Cell culture and qPCR
The REVEAL assay was performed as described previously . In brief, resting CD4+ T cells (rCD4s) were isolated from peripheral blood mononuclear cells (PBMCs) obtained from aviremic HIV+ donors. Aliquots of 5 × 106 rCD4s were cultured under multiple conditions: a negative control consisting of culture medium and dimethyl sulfoxide (DMSO; compound solvent), ingenol-3,20-dibenzoate (100 nM), ingenol B (100 nM), or CD3/CD28 antibody-coated magnetic beads (positive control). At 72 h, real time quantitative polymerase chain reaction (qPCR) was performed on culture supernatant to quantify viral release from rCD4 cells. In order to evaluate cytokine release from PBMCs, five million PBMCs were cultured in 1 mL RPMI-based culture media supplemented with 10% fetal calf serum. At 72 h culture supernatant was harvested and spun down to remove cellular debris. 350 μL of cell-free supernatant was processed for cytokine quantification described below.
Cytokines were measured in 350 μL aliquots of in vitro culture supernatant by means of a commercially available quantitative multiplex bead assay performed by the clinical reference laboratory associated with the University of Utah Medical Center, ARUP Laboratories. ARUP Cytokine Panel 12 was developed and performance characteristics determined by ARUP laboratories for evaluation of immune, infectious or inflammatory disorders in clinical or research settings, and measures the following cytokines: soluble interleukin 2 receptor (CD25), interleukin 12 (IL-12), interferon gamma (IFNγ), interleukin 4 (IL-4), interleukin 5 (IL-5), interleukin 10 (IL-10), interleukin 13 (IL-13), interleukin 1 beta (IL-1β), interleukin 6 (IL-6), interleukin 8 (IL-8), tumor necrosis factor alpha (TNFα), and interleukin 2 (IL-2).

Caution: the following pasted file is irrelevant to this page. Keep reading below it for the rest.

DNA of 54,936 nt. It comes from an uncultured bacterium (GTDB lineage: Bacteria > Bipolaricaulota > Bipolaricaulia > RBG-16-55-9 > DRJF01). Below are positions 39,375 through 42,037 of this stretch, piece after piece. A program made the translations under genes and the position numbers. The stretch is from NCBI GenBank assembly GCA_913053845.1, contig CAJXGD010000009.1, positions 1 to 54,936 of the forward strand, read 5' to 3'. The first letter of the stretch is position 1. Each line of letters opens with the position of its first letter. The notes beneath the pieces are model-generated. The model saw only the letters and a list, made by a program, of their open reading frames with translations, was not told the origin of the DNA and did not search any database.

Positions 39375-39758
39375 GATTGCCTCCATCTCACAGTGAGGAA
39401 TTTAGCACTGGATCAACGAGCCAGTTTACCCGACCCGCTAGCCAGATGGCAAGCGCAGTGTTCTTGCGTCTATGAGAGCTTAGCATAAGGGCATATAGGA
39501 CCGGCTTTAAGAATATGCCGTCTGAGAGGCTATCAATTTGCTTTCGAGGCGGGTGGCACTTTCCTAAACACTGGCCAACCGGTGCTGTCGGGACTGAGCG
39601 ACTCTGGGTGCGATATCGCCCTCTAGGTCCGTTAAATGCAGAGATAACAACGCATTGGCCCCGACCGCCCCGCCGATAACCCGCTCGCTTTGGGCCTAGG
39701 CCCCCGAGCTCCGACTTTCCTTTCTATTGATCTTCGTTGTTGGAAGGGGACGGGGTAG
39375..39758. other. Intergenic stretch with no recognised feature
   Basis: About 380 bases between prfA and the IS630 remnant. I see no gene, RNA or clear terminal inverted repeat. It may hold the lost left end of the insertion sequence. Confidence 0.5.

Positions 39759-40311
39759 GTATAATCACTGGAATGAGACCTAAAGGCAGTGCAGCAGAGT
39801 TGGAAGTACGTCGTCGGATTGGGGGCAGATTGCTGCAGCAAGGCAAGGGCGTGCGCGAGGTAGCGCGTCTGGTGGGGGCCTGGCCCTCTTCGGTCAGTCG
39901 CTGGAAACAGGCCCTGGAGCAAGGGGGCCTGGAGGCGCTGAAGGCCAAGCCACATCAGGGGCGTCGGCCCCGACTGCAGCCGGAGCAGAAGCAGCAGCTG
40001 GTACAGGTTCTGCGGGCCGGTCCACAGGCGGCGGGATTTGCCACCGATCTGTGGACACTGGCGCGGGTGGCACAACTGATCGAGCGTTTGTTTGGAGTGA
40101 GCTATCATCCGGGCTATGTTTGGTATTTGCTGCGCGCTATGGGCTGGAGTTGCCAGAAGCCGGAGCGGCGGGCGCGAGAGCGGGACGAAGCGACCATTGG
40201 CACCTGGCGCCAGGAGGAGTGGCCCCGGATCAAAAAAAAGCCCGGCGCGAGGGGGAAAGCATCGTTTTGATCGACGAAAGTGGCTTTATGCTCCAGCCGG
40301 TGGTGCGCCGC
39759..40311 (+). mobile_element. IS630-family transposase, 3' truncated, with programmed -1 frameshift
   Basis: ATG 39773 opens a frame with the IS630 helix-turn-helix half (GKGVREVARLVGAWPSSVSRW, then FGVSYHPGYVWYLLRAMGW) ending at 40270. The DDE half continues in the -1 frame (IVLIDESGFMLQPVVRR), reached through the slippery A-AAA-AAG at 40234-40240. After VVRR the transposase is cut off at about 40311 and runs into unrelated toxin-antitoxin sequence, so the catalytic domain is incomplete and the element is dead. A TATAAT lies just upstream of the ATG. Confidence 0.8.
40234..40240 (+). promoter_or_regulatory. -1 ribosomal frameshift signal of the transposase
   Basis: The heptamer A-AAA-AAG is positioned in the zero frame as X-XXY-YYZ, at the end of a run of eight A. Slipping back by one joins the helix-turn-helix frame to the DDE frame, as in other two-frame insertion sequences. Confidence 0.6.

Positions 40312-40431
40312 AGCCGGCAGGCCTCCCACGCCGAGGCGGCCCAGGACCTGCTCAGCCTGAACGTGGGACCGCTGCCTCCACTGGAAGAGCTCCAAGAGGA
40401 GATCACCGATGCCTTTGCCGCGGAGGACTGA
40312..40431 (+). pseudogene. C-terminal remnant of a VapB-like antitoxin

PKC agonist in vitro dose–response
A dose–response experiment was conducted in order to compare the pro-inflammatory cytokine induction profiles of PKC agonists that have been shown to reactivate latent HIV in vitro (bryostatin-1, prostratin and ingenol-3,20-dibenzoate). PBMCs from aviremic HIV-1 positive donors were exposed to three concentrations of each of these PKC agonists and cytokine concentrations in culture supernatant were evaluated at 72 h using the quantitative multiplex bead assay described above. LRAs were tested at concentrations shown to be active in reversing latency as well as one log higher and one log lower than this active concentration (ingenol-3,20-dibenzoate: 10 nM/100 nM/1000 nM; bryostatin-1: 1 nM/10 nM/100 nM; prostratin: 30 nM/300 nM/3000 nM).